local-language identifiers justify putting non-ASCII strings into the
DNS even if end users never see them?  We argue in section 2.1 that it
is not necessary and poses some risks.  However, the "variables in
programming languages" analogy and the "local directory or cache"
approach, both outlined above, suggest that such names would be
extremely useful and fairly safe if the limits of code-point-level
matching and identifier-only use are taken narrowly and observed
conservatively [ICANN-Permitted].  And, if one believes the model
outlined here, or any competing "keyword" model (see next section),
will achieve wide deployment and use, the needs and perspectives of
such systems should condition the evaluation of IDN WG-produced
alternatives.  So there is a serious and complex set of engineering
(and, realistically, political) tradeoffs to be evaluated in making
the decision as to whether wide deployment of some version of the IDN
work is appropriate.

5.2 "Keyword" systems

In the Internet object-referencing context, the term "keyword system"
has been used to refer to many different things.  Many would fit
nicely into the third sublayer environment, but most of the existing
proposals put them directly on top of the DNS, or skip the DNS
entirely and go directly to IP addresses.  The difficulty with these
systems is that they either must be localized (e.g., a different
system or database for each language, country, or smaller locality) or
they don't scale well.  Arguably, some don't scale well even if
localized.  In particular, they eventually suffer from either the "all
the good names are taken" problem (of which the DNS is frequently
accused) or they are very vunerable to poor retrieval precision
properties as the number of names (or keyword combinations) in the
name space grows large.

Adapting bibliographic styles of keyword systems to operate locally
and as part of the third sublayer model proposed here would appear to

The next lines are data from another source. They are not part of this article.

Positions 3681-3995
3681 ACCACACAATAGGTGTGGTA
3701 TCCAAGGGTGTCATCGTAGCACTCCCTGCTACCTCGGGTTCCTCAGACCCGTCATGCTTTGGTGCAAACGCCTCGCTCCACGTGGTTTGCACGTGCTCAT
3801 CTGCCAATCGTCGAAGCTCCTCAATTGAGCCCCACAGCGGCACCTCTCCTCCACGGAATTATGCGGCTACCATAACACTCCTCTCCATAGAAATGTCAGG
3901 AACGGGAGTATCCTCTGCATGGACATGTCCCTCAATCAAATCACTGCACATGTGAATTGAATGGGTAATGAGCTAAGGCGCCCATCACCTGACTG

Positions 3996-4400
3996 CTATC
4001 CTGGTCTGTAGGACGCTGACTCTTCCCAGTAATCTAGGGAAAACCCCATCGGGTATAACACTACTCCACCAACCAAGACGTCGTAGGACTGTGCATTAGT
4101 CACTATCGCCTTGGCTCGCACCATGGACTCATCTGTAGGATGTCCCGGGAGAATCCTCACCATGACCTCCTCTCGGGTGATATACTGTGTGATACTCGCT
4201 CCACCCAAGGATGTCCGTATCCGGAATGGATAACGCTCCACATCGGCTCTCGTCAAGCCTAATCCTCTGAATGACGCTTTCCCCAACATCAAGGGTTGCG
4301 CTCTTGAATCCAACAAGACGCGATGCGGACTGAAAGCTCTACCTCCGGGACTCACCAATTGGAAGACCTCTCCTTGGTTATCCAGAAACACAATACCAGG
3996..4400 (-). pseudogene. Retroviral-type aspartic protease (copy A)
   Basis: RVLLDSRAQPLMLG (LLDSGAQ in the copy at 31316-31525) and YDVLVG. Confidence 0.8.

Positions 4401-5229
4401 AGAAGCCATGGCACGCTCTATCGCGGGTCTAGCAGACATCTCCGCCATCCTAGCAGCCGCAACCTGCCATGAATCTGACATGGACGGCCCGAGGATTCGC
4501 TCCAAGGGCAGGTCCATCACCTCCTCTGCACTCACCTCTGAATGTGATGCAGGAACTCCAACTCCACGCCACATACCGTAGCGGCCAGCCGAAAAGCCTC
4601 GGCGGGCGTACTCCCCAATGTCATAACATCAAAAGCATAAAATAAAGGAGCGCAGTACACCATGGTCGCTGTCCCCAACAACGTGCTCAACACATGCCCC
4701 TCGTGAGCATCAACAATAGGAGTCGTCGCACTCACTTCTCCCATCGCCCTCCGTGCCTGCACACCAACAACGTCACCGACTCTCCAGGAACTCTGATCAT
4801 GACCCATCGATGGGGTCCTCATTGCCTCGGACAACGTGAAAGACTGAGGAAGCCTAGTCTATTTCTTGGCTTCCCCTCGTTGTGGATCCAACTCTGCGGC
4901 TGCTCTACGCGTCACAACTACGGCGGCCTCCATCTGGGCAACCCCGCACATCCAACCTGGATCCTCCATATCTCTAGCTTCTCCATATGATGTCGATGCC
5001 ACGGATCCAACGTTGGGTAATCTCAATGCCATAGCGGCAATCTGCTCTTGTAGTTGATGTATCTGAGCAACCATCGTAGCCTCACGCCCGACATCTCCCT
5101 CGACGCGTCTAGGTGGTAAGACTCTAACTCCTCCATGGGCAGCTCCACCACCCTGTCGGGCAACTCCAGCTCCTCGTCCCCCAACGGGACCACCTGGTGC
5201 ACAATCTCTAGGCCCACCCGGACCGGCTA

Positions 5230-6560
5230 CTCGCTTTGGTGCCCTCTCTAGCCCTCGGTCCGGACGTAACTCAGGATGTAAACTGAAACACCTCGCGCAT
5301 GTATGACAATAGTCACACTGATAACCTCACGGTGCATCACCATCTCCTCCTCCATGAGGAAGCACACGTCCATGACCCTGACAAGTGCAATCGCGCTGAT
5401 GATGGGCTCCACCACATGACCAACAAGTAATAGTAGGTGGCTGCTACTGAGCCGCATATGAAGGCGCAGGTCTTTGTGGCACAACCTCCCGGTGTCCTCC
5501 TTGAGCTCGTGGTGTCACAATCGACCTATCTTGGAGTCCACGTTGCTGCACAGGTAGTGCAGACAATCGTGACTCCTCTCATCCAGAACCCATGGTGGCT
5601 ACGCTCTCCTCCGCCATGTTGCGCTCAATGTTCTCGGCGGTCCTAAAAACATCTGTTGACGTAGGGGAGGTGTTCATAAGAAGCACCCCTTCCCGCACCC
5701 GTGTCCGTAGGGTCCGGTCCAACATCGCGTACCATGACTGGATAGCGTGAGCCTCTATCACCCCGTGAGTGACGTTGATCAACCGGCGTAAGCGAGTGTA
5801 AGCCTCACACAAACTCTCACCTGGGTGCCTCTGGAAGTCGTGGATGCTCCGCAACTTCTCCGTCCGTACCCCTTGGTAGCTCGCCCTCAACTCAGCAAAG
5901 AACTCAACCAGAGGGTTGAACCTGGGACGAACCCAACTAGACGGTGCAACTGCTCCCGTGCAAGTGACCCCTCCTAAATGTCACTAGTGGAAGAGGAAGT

be the best way forward for such systems.  It has been observed that
what most users really want most of the time is localization, and
locally-oriented keyword systems could satisfy much of that
requirement.  And keyword systems would be strengthened by being
placed on a base of use and language-sensitive naming and searching,
rather than on the low-context, monohierarchical, DNS.

Other types of keyword systems, including the one described by Arrouye
and Popp [Arrouye], are really special cases of the sublayer two
search service that rely on careful selection of names (and,
consequently, resolution of "best fit" and "rights") to achieve
uniqueness and, hence what they describe as "direct navigation" (see
elsewhere in this document).  Similar systems might utilize a set of
keywords combined into a phrase that can be interpreted, possibly with
permutation rules, in a search service.  In the interest of
simplification and presenting simple names to users, these systems are
likely to omit most or all of the non-name string facets from
user-visible search interfaces.  Some further analysis, as to whether
what is optimally desirable is a set of unordered keywords, or an
ordered phrase that might contain such keywords, seems called for.
Different answers could, of course, be implemented at different layers
of this model.

5.3 Client-side and server-side solutions

The key approaches being considered in the IDN WG are essentially
client implementations, applied to names before they are placed in
the DNS.  This contrasts with the existing use and protocols of DNS
in which, e.g., string matching is done on the server.  Ignoring
speed of deployment (which can be argued either way), the advantage
of client-side implementations is that they don't require changes to
the DNS fabric itself (and therefore minimize the risk of damaging
existing applications that rely on that fabric).  Because the
sublayer two and three mechanisms do not rely on the DNS for any
searching or matching activities, and are completely new, server-side